alcoholic beverages close up cuisine cutlery
Photo by Flo Dahm on Pexels.com

Vegetarian Thanksgiving Menu

Vegetarian food blogger Cookie and Kate provides a list of 33 Vegetarian Thanksgiving Recipes to make your own meat-less feast. No need for Tofurkey with delicious, whole food dishes like:

food grapes delicious snacks
Photo by Daria Shevtsova on Pexels.com

Dairy Free Thanksgiving Menu

Nothing makes a lactose intolerant person happier than a big bowl of dairy free mashed potatoes! This list from Cook Nourish Bliss includes a slew of dairy free classic Thanksgiving sides, as well as a few dairy free Thanksgiving desserts. Dishes include:

For more dairy-free Thanksgiving side dishes, check out 19 Dairy Free Thanksgiving Side dishes from the Nosher:

Easy Thanksgiving Menu

How about a super simple Thanksgiving Menu this year? Instead of roasting the whole turkey, try a juicy Turkey Breast from A Head of Thyme. More recipes include:

person holding a roasted turkey
Photo by Ekaterina Bolovtsova on Pexels.com

Sugar Free Thanksgiving Desserts

For the ultimate list of sugar-free desserts, check out this compilation from Diabetic Gourmet. Recipes include:

Vegan & Gluten Free Thanksgiving Desserts

Easy, vegan, and for some, gluten free! This list of 28 Easy Vegan Thanksgiving Desserts is sure to have something for everyone. So go ahead, make two! Recipes include:

What are your Thanksgiving plans this year? Are you using any of the meal plans listed here to craft your ultimate Thanksgiving feast? Let us know in the comments below! Like, share and subscribe and don’t forget to tag Edible Ink!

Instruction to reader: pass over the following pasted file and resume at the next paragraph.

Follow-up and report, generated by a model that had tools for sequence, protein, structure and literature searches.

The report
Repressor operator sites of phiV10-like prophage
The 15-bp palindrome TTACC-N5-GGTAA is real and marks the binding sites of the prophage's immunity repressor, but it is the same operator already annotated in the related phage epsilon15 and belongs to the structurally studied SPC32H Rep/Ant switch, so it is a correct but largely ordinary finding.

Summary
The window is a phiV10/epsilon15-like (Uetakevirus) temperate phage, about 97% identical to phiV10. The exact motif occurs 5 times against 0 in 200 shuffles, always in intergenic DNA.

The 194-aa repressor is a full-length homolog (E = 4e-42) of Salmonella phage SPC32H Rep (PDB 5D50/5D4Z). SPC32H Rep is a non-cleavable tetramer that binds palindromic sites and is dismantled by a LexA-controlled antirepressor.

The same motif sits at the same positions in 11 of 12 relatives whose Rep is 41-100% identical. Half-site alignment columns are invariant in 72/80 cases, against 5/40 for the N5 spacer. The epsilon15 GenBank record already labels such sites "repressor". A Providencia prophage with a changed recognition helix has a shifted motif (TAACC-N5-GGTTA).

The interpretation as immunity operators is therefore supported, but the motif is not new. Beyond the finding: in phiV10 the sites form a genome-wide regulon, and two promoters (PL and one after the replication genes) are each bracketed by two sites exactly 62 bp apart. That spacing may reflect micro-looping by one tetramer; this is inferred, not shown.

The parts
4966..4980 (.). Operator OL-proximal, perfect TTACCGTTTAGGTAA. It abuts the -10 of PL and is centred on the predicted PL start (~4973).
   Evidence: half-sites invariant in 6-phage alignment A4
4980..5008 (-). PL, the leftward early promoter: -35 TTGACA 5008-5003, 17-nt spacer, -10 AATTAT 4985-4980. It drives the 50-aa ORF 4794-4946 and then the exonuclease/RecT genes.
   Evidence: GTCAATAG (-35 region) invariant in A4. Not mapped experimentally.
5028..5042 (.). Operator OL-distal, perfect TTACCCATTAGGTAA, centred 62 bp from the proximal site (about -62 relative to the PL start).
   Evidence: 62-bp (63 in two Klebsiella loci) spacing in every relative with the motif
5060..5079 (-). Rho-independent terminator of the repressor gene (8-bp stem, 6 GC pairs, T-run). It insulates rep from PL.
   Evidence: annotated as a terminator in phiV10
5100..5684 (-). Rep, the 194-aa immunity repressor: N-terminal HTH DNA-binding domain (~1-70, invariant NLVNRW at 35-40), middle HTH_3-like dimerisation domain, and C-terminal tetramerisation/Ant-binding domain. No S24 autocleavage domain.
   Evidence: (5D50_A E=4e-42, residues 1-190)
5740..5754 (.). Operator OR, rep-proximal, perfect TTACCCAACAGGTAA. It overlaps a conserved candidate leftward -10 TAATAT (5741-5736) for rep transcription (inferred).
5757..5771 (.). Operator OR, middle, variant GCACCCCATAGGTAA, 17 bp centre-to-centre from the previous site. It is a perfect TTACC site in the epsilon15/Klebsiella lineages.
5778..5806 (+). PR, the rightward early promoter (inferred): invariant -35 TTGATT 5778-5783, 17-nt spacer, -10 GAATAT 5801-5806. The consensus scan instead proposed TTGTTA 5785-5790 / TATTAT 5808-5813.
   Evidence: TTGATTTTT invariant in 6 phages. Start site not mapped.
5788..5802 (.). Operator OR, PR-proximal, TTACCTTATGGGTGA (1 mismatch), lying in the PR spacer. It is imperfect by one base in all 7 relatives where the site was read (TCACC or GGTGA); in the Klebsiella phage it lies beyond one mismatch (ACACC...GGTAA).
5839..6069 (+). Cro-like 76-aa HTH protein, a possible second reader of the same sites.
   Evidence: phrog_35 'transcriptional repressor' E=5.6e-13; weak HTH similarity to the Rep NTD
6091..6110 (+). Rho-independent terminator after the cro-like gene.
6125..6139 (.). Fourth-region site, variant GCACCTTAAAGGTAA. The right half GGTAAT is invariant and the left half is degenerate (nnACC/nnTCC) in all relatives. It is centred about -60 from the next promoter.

Happy Feasting!

A basket of pao de queijo

Pão De Queijo : Brazilian Cheese Bread | Recipe

Oh yes. Today we’re making the traditional Brazilian staple: pão de queijo. Literally translated, it means “bread of cheese” and really, that’s a great description. Soft, fluffy small rounds of cheesy goodness. Let’s get started!

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a basket of brazilian pao de queijo cheese bread

What is Pão de Queijo?

Simply put, pão de queijo is a small cheese puff bread. It’s typically served with most meals in Brazil and eaten for breakfast.

There’s no exact written history of pão, of course, but it’s believed that, around 1700, women who were enslaved typically made pão de queijo for farmers (don’t forget, Brazil was a Portuguese colony before it gained independence in 1822).

Pão de quiejo become a staple of Brazilian cuisine since, growing in popularity. You can now even find frozen versions of pão available in big stores like Costco.

One of the more distinguishing features of pão de queijo is it’s flour — commonly known to us in the US as tapioca starch. Wheat crops didn’t grow well in the northern region of Brazil, where warm weather made growing the grain difficult. Instead, ground, dried cassava root was used in place of flour.

another delicious plate of pao de quiejo brazilian cheese break

Cassava root aka tapioca starch

Cassava is an incredibly drought-tolerant plant, making it a favorite crop of warmer, tropical regions. In the United States, cassava is also called:

  • Yuca
  • Manioc
  • Brazilian arrowroot

Cassava root is made into cassava flour, which is also called tapioca starch. These alternative names are useful to know when you are shopping for the ingredients to make your very own pão de queijo!

Cassava flour possesses a unique, almost gelatinous quality when baked. Combined with the melted cheese, the pão de queijo becomes impossibly soft, fluffy and chewy!

Once we got the hang of it, we made pão de quiejo en masse

Tried and tested Pão de Queijo recipe